Why aren't Node.js package managers interoperable?

Friday, October 07, 2022

This post was inspired by this Twitter conversation.

The tweet asserts:

I should be able to use pnpm while my teammates use yarn or npm, without issues.

This is a real concern. I've worked on some Yarn projects where I sometimes forget and accidentally run npm. Although these package managers (I'll call them PMs for short) are interoperable to some degree, there are important differences between these tools, so you should know what you're getting into. Even in seemingly simple projects, results can vary. Here are two reports of things working with one PM, but not another. Moreso, running install once is very different from continuous concurrent use, where you're adding and removing packages and more.

Let's talk about the key things that make these package managers different, and then we'll see the extent to which they're interoperable. We'll also see how things are getting better, thanks to the work of some smart folks.

For this article, we'll pretend there are only four package managers: npm (v7+), pnpm (v6+), Yarn v1 (aka Classic), and Yarn v2+ (aka Berry, aka Modern).

Key differences

Features

This is the most obvious difference, but also the least significant if your priority is portability. Each package manager has a unique set of features (or the same feature, expressed in different ways). For instance:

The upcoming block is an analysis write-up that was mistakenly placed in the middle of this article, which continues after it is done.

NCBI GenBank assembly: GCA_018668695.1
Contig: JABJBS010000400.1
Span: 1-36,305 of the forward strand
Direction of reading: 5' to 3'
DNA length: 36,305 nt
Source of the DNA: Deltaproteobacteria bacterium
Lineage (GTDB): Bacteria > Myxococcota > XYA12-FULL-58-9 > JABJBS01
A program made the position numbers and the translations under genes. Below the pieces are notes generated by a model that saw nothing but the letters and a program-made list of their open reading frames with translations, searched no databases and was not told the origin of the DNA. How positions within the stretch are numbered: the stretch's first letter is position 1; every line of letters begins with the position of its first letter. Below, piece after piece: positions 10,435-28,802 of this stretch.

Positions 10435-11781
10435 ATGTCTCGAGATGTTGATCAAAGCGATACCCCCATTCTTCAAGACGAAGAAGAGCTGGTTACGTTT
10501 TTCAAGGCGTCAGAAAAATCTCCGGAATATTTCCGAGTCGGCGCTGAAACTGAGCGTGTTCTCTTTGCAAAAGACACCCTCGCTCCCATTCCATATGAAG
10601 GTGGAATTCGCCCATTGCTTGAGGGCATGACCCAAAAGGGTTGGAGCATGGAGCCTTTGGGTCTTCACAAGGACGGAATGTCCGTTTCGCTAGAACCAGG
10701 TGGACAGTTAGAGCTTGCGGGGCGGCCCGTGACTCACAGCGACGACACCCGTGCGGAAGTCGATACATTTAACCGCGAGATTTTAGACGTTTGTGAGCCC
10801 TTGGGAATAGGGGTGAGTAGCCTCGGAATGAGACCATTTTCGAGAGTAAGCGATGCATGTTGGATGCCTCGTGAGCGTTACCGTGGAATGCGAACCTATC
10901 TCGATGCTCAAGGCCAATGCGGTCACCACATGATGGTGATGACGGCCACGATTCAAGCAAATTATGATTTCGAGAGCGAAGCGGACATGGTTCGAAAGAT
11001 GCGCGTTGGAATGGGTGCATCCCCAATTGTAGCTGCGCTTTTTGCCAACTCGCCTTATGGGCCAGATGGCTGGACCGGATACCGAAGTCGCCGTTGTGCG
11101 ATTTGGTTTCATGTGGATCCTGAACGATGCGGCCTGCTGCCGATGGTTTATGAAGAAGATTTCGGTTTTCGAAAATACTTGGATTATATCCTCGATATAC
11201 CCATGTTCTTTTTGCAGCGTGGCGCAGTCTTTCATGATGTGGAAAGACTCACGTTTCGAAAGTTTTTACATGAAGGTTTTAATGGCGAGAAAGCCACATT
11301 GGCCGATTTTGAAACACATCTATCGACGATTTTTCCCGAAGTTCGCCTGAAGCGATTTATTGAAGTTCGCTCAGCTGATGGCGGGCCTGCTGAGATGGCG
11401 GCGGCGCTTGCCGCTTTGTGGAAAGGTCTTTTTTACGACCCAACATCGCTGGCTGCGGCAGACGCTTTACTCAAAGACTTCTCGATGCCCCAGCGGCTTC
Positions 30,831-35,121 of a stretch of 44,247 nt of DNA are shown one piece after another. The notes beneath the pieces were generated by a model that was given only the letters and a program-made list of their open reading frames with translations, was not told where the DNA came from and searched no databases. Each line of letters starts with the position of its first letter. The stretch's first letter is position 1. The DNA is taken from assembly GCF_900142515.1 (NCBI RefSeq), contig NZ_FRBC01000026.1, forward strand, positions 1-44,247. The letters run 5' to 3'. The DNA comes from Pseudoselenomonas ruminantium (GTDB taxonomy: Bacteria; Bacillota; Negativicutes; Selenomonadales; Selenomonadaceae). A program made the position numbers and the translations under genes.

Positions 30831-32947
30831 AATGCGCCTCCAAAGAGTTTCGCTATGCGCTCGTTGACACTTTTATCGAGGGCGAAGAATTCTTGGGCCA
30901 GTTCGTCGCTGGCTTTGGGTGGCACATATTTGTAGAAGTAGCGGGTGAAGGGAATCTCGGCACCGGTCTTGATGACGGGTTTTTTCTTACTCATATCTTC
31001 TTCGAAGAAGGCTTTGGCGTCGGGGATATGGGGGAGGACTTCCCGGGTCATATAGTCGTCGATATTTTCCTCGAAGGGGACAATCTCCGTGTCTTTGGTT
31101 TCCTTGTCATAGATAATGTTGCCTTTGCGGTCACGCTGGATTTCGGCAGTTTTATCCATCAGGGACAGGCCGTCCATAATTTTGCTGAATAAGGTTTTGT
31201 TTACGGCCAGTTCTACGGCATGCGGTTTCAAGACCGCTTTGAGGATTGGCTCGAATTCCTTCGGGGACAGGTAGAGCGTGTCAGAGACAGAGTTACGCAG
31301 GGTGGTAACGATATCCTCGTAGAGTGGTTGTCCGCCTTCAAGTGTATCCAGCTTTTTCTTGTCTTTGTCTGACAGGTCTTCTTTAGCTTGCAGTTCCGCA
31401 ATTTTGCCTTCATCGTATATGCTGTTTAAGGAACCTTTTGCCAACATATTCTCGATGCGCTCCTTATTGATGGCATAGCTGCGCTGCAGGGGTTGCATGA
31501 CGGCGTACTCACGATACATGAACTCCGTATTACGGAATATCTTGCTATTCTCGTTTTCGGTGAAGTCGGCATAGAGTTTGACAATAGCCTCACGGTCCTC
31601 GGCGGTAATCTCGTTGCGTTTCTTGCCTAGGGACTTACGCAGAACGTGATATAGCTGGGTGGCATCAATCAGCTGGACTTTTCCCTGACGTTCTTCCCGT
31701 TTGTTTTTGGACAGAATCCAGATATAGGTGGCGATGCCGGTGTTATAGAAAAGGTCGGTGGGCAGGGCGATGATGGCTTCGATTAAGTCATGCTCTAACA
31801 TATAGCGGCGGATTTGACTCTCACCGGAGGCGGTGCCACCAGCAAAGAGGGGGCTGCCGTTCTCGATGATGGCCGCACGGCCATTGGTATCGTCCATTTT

• Yarn 2+ introduced (optionally) Plug'n'Play, which gets rid of node_modules altogether, and expects you to run files with yarn node instead of just node.
  • Yarn 2+ and pnpm support patching dependencies with your custom code. For npm and Yarn 1, you can use a library, but remember to somehow ignore it when using other PMs.
  • pnpm lets you write custom functions to hook into the install process.
  • Yarn's resolutions is overrides in npm and pnpm.overrides in pnpm. You'd need to have all three in your package.json, if you want to make this portable.
  • All four support workspaces (aka monorepos), but to different levels: Yarn 1 and npm have a basic set of features, while Yarn 2+ and pnpm are more robust and compatible, although configured differently. Using the wrong package manager will almost certainly give you wrong results.

But maybe you don't care about these extra features. Your project isn't big or complex, and your dependencies are few (in JavaScript? I doubt that, but okay.πŸ˜†) and manageable, so you're willing to stick to the minimum supported feature set. You mostly just want to be able to add and remove packages. But you still have to watch out for some behaviour differences.

Behaviours and configuration

Being different tools, they have different philosophies and defaults.

  • Configuration: npm and pnpm use .npmrc files for configuration. Yarn 1 merges .npmrc and .yarnrc. Yarn 2+ uses only .yarnrc.yml.

  • Installing dependencies: npm install will check for newer versions of your dependencies, while Yarn's will not. Yarn's install is closer to npm's ci (and, in fact, Yarn doesn't have a ci command).

  • Upgrading dependencies: Yarn 1's yarn upgrade only upgrades direct dependencies of the current workspace. Yarn 2's up ignores the version ranges in your package.json and upgrades for all workspaces. npm's and pnpm'supdate respect your version ranges and upgrade indirect dependencies as well.

  • Adding dependencies: I couldn't find any docs on this, but I noticed that yarn add [email protected] sometimes adds package to your package.json at that exact version, while npm install sets the constraint to ^version.